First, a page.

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Document Type

Thesis - University Access Only

Award Date

1992

Degree Name

Master of Science (MS)

Department

Biology and Microbiology

First Advisor

David A. Benfield

Abstract

Human Rectal Tumor (HRT) cells are permissive for in vitro amplification of bovine enteric coronavirus (BECV). The objectives of this study were two-fold. The first was to determine reliable methods for obtaining maximum BECV production in vitro, and ·the second, to identify and characterize cellular receptors that allow BECV to bind to and enter HRT cells. In the initial study the effects of cell age, adsorption temperature and time, and pH of adsorption media on the infectivity of BECV was assessed with a fluorescent focus assay. This study indicated that optimum BECV infectivity titers were obtained if virus was allowed to adsorb to 5 day old HRT cells for 150 minutes at 37°C with media adjusted to pH 7.5. Three glycoproteins (12, 17, 32 kDa) that bind BECV were identified in solubilized membrane preparations of HRT cells. Binding of BECV to these glycoproteins was demonstrated by a direct virus binding assay (DVBA), which uses [35S]BECV as a probe, and a virus overlay protein blot assay (VOPBA), which has been as previously described for the murine coronavirus, mouse hepatitis virus (4). The specificity of these binding glycoproteins for [35S]BECV was demonstrated by the absence of binding when [35S]mock virus preparations replaced BECV in the assay and binding of radiolabeled BECV was blocked in the presence of a 10-fold excess of non-labeled virus. In the VOPBA, binding to the three glycoproteins was observed only when virus was present in the assay. The BECV-binding glycoproteins were not detected on membranes of non-permissive cell lines, MA-104, baby hamster kidney and swine testis, indicating that the presence of these binding glycoproteins may define the susceptibility of a cell line to BECV infection. Pre-treatment of the HRT cell membranes with sodium metaperiodate destroyed all binding activity, indicating that the interaction between BECV and the three glycoproteins requires the carbohydrate moiety. However, sialic acid was not required for binding of BECV, because pre-treatment of HRT cell membranes with neuraminidase had no effect on the binding of BECV to the glycoproteins. These data suggest the three glycoproteins on the surface of HRT cells may determine susceptibility to BECV infection by mediating the binding of BECV to susceptible cells.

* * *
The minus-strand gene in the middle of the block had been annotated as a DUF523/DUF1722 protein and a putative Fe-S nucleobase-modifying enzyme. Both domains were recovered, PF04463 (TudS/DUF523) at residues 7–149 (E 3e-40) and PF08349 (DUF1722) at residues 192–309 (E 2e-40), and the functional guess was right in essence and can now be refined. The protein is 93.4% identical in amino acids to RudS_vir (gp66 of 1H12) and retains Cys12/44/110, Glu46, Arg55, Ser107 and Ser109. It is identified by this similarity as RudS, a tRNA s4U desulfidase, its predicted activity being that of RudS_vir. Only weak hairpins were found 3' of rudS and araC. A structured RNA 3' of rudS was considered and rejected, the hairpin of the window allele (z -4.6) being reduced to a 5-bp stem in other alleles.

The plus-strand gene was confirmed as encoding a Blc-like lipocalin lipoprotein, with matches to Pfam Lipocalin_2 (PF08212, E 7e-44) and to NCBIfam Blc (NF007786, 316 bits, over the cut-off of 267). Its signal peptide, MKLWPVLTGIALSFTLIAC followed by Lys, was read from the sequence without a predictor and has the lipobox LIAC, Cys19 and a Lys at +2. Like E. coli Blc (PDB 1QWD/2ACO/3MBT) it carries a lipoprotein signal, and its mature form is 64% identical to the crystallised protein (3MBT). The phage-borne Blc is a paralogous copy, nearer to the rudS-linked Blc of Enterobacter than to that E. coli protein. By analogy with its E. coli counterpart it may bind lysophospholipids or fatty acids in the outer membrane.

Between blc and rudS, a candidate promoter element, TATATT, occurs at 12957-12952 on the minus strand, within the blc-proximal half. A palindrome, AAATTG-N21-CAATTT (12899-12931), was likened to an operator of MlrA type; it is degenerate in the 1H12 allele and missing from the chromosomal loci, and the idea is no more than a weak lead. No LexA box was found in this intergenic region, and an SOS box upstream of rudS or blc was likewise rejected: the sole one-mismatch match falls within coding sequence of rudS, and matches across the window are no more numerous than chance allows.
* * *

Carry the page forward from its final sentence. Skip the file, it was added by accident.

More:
Library of Congress Subject Headings

Cattle -- Virus diseases
Viruses -- Receptors
Coronavirus infections

Format

application/pdf

Publisher

South Dakota State University

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